The ’50’s and ’60’s brought an invention that freed car audio fanatics from the reliance on AM and FM radio signals. As records began to sweep the country, it was only a matter of time before they would be available for car lovers to enjoy while driving.
The “Highway Hi-Fi” was the first to market. It was available from Chrysler in the 1956 Chrysler, Desoto, Dodge, and Plymouth. The 7-inch size was perfect because the 12-inch were too big but the 45’s did not last long for long car rides.
In 1960, Chrysler released a much more affordable option: the RCA Victor auto “Victrola.” For $51.75 ($410.47 today) you could play 45s of your choice.
The RCA “Victrola” held 14 records and could play for 2½ hours. This allowed drivers to focus on the road instead of being distracted by constantly changing music.Read more →
The ’40’s and ’50’s were capitalized by a feature we have all become accustomed to and tend to overlook: the “seek” option. This option made it possible for drivers to find station without having to continuously turn the knob. Ford was one of the companies to make the “seek” option so popular with its “Town and Country” models.
The name came from the two buttons located on the radio “Town” and “Country.” When the Town button was pressed the tuning mechanism rotated as the sensitivity was decreased so that only local stations would be selected. In contrast, the Country button made the same mechanism rotate but with full sensitivity so that distant stations could be received.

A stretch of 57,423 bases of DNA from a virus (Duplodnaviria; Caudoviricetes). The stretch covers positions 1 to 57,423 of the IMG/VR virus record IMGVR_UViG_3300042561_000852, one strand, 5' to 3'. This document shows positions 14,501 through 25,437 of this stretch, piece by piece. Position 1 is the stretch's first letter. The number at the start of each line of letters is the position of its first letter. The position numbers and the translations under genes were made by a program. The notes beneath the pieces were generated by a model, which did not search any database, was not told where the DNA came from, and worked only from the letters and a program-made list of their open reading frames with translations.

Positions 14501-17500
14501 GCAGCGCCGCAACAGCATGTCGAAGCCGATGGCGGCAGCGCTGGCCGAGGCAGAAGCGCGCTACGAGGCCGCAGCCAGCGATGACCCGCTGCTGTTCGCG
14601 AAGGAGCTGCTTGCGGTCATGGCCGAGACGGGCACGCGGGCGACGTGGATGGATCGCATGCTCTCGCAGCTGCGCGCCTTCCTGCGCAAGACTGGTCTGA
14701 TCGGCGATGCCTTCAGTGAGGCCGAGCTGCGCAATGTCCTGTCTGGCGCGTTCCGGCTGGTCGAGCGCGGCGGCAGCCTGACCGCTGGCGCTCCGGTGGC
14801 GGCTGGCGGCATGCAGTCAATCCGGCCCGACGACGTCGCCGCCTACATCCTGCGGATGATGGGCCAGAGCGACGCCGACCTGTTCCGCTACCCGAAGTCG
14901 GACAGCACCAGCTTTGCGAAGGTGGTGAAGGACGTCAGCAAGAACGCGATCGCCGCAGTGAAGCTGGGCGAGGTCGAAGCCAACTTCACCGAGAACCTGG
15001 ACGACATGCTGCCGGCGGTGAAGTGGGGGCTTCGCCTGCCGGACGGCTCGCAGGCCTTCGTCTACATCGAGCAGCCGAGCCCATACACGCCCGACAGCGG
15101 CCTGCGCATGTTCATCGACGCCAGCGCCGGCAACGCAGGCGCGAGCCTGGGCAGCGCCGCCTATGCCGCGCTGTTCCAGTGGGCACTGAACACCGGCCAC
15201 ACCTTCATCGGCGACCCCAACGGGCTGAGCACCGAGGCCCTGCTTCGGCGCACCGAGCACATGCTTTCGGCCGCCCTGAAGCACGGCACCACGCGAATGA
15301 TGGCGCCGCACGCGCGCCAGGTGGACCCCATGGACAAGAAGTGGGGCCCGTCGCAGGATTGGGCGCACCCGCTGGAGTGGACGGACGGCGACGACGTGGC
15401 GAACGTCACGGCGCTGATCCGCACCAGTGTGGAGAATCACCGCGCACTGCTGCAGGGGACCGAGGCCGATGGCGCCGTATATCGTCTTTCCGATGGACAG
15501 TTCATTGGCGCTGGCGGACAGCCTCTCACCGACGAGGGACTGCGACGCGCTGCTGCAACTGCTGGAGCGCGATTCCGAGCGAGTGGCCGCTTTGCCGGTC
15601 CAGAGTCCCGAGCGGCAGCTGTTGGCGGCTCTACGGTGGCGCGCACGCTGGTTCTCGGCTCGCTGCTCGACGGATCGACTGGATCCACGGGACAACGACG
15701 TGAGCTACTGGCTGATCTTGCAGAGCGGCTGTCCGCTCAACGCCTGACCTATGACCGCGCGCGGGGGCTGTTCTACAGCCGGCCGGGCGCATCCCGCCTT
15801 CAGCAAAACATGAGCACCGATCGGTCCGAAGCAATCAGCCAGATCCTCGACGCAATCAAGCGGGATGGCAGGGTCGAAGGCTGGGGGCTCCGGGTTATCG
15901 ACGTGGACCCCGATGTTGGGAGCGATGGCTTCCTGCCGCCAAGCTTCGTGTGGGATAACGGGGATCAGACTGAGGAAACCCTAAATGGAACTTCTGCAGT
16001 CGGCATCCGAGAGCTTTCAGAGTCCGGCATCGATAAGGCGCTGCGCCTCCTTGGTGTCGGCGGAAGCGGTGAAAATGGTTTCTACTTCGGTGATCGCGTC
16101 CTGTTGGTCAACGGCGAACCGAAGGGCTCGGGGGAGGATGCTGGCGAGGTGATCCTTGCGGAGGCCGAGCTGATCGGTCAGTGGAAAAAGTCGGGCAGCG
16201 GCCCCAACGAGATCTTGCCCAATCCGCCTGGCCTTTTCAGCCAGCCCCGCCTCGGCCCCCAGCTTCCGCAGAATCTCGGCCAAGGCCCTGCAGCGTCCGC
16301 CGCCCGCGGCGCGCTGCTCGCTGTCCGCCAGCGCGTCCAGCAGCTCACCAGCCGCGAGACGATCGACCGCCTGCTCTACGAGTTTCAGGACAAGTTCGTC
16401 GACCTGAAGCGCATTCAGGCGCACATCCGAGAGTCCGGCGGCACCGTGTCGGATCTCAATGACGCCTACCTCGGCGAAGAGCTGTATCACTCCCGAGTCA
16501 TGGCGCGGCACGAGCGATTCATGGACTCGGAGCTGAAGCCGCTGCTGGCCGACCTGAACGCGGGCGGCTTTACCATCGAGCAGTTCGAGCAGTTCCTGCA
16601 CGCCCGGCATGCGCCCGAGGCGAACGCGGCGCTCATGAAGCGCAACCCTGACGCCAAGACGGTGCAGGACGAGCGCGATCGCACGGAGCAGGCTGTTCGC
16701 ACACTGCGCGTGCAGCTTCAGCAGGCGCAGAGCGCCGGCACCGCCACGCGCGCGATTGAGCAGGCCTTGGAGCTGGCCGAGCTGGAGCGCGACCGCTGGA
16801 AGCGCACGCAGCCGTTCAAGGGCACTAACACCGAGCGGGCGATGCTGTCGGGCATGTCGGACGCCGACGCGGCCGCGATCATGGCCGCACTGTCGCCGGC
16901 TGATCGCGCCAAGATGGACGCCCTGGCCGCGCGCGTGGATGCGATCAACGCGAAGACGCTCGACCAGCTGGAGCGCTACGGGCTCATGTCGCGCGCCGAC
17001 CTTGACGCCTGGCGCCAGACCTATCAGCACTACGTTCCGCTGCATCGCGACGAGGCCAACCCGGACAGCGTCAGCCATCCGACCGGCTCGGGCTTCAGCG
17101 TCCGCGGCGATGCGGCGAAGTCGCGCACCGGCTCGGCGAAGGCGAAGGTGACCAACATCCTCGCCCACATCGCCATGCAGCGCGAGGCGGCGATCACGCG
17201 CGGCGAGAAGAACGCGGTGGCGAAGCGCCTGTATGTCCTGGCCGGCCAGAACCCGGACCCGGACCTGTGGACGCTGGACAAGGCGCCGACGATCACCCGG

For continuous seeking, rather than pressing the button, a petal was available for the driver to press with their foot. This petal was located on the far left where the “dead petal” can be found today. This convenient feature aided in travel and really helped car audio take off. The rest of the 1950’s brought an assortment of improvements to car audio and we will dive into those next week!Read more →
Car audio gained its footing in the late 1920’s. This is when the first car radios hit the market. Although they are seen as a necessity today, the original car radio was met with a lot of resistance.
A large portion of the population feared that radios in cars would distract drivers and cause more automobile accidents. Some areas even went as far as to ban radios from use while driving (thank goodness that didn’t stick!) While commercial radios began selling in the late 1920’s, it wasn’t until the Galvin Manufacturing Company (now known as Motorola) released the first commercial popular in-car radio, the Motorola 5T71, that radios hit mainstream.
The car radio found a ton of success, especially with the emergence of the new brand, “Motorola.” As the market began demanding more and more radios, owners Paul Galvin and Elmer Wavering began traveling the country selling their new product and connecting drivers to another one of America’s pastimes- music
Citation: http://www.motorolasolutions.com/US-EN/About/Company+Overview/History/Explore+Motorola+Heritage/Sound+in+MotionRead more →